/What’s causing the state’s slow shift to renewable energy

What’s causing the state’s slow shift to renewable energy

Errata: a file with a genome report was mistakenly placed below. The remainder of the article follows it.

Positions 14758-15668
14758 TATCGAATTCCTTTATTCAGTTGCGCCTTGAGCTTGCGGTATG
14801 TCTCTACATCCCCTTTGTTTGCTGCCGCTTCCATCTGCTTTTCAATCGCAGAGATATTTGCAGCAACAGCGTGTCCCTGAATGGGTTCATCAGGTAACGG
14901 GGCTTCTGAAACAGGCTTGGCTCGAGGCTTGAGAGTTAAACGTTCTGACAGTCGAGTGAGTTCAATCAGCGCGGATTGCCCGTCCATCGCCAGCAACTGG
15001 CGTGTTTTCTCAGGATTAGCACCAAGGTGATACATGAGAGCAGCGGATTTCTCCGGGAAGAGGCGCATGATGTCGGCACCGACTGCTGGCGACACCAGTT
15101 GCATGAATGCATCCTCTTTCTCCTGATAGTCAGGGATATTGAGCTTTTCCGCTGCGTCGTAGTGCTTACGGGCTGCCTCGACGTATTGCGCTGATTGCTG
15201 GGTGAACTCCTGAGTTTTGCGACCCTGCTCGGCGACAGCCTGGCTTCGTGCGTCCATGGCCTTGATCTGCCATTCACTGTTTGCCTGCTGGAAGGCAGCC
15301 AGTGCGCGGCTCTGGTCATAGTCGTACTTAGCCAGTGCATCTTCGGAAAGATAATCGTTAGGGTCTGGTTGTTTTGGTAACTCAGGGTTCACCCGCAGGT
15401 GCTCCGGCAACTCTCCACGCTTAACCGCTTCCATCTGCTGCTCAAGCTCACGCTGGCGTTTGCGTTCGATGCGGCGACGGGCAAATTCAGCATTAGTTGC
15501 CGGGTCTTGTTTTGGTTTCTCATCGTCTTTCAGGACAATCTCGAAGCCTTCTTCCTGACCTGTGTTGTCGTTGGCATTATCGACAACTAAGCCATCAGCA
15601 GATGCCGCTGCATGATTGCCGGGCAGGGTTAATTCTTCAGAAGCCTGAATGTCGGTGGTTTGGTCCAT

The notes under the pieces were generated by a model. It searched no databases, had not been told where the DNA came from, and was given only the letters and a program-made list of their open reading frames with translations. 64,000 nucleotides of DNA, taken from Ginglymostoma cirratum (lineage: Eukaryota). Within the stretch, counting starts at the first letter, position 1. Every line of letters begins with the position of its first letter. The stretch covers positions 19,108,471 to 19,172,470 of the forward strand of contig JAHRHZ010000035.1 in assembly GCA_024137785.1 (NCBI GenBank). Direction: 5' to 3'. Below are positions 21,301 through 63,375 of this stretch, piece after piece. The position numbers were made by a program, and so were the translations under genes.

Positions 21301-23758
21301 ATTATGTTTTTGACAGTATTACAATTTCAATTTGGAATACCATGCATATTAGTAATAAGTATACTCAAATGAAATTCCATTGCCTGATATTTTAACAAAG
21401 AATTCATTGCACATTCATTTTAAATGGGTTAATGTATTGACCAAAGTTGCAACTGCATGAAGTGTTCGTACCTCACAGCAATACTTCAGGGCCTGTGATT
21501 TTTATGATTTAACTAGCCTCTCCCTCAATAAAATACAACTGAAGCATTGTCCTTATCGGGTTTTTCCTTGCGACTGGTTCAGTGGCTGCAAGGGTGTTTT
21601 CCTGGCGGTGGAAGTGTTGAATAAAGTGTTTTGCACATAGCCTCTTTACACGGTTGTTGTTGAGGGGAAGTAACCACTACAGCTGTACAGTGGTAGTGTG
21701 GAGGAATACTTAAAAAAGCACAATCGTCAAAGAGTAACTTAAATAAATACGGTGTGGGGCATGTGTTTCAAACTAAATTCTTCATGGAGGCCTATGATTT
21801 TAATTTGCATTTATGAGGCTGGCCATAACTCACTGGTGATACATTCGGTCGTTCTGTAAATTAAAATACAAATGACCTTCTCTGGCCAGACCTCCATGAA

The United States generates approximately 20% of its electricity from renewables. This includes solar, wind, and biomass such as wood or plants. Renewable energy sources are more efficient than traditional energy sources such as oil, gas, and coal and produce significantly less harmful emissions. According to federal data, just 2% of Mississippi’s net electricity is generated from renewable energy. While other states have addressed the issue directly, state legislators have mostly ignored the climate debate. This conservative state is slowly beginning to change. Entergy Mississippi, the largest utility company in the state, committed last November to sourcing almost a third from renewable energy by 2027. Entergy and other power firms are making such a dramatic shift because it costs less to produce renewable energy than it did a decade ago. Solar power costs have fallen by 90% since 2009 and are now less expensive than natural gas, coke, and nuclear energy production. Since 2020, several new solar projects have been approved by the state’s Public Service Commission. These combined would nearly double the state’s total solar capacity. The PSC is currently developing programs that allow homeowners and renters to produce and sell their own solar energy. It is taking comments on an expanded net-metering rule and is beginning the process of creating a community solar program. Simon Mahan, executive Director of the Southern Renewable Energy Association said he was encouraged by recent PSC work on renewables. This includes requiring utilities submit annual forecasts for their future energy needs (also known as Integrated Resource Plans). Mahan believes Mississippi can soon be a leader in the region’s transition. He said, “If you and I had this discussion a year ago it would have been really different.” “But now we are seeing things really take off in Mississippi. This is partly because we have good commissioners in Mississippi. We’ve just gone though a good process and utilities are beginning to value renewables. “Mississippi may not be a leader in (renewable energies) yet, but it is on its way,” said Crosslin. But clean energy advocates claim that the market-based approach to energy is not sufficient and that emissions must play a greater role in state energy decision-making. Jennifer Crosslin is a regional coordinator for the Gulf Coast Center for Law & Policy. She explained that data from Intergovernmental Panel on Climate Change shows that greenhouse gas emissions must be drastically reduced by 2030 in order to prevent the worst effects of global warming. 25% of these emissions are from the U.S. energy sector. Crosslin stated that the United States is far behind in terms of national emissions and that if we look at the country, we are even more behind as a nation. Crosslin pointed out the structure of investor-owned utilities like Entergy or Mississippi Power, which is where their profit comes primarily from spending on new projects and does not offer incentives to reduce emissions. She stated that the current structure of investor-owned utilities is not moving the needle fast. This market-based approach is not working. It is time for the state of Mississippi to take the lead in climate change. Studies show that Mississippi and the Gulf states will be among the most affected by rising sea levels and stronger storms. Brandon Presley, Northern District Public Service Commissioner, is the longest-serving PSC leader. He explained that Mississippi’s focus will always be on the economy and not the environmental effects. Presley stated that economic development is more likely to get these projects completed than trying to convince the merits of emission reductions. Presley approved last month a new solar plant in Union County that will power a Toyota manufacturing facility in Blue Springs. Brent Bailey, a Republican Central District Public Service Commissioner, echoed Presley’s sentiment. Bailey stated that while you do appreciate the environmental aspects, it is not the main driver of a lot this. It always goes back to the economic benefits.” The Renewable Portfolio Standard (RPS) is a requirement that at least a portion of the state’s power be generated from renewable sources. This standard applies to both the District of Columbia and most states. Thirty-eight states have an RPS and eight others have a non-enforceable variant. Mississippi is one twelve-state state, which includes all its neighboring states and most of South Carolina, that has neither. Presley claimed that it was politically pointless to try and pass an RPS in Mississippi. RPS’s are usually adopted by the state Legislature in most cases. He stated that it was not politically or practically possible for the RPS’ to be adopted. “If it wasn’t going to happen, why would you waste your time hunting rabbits that aren’t going to be caught?” Presley said. Mississippi is a state that has been slow to adopt renewable technologies. Creating new facilities can often result in higher costs being passed on to customers. This means Mississippi ratepayers will have to pay more than most other states. Mahan, who works in the Southeast with renewable developers, stated that RPS’s in other states is part of why renewable costs are lower now. This policy requires utilities to think about environmental benefits and not just costs. As it stands now in Mississippi, there is no requirement for power companies to compare the emissions from different sources. He also stated that Mississippi is moving in a positive direction. Georgia is one example of a state that has seen a rise in renewable capacity, despite not having to follow any legislative mandates. He said, “The state has seen the renewable industry because it believes it’s going be a great state to do business.” Could it have been quicker with an RPS?” Maybe. However, again, it’s the economics of these projects that drive the interest in Mississippi and the growth in Mississippi.” Commissioner Bailey visited several schools in his district with rooftop solar panels. He also admitted that he hasn’t had much conversation with state legislators about creating new incentives for renewable energy. He is more confident in the market-driven approach and excited about the potential economic impact renewables will bring to Mississippi. He said, “We are excited about this opportunity, we are excited about investments at the local and the potential revenues that could be obtained from those, and hopefully leveraging the state and attracting new industries to the state.” “You want your state, community, and your area to be innovative. I believe these are some of the measures that will allow you to do that.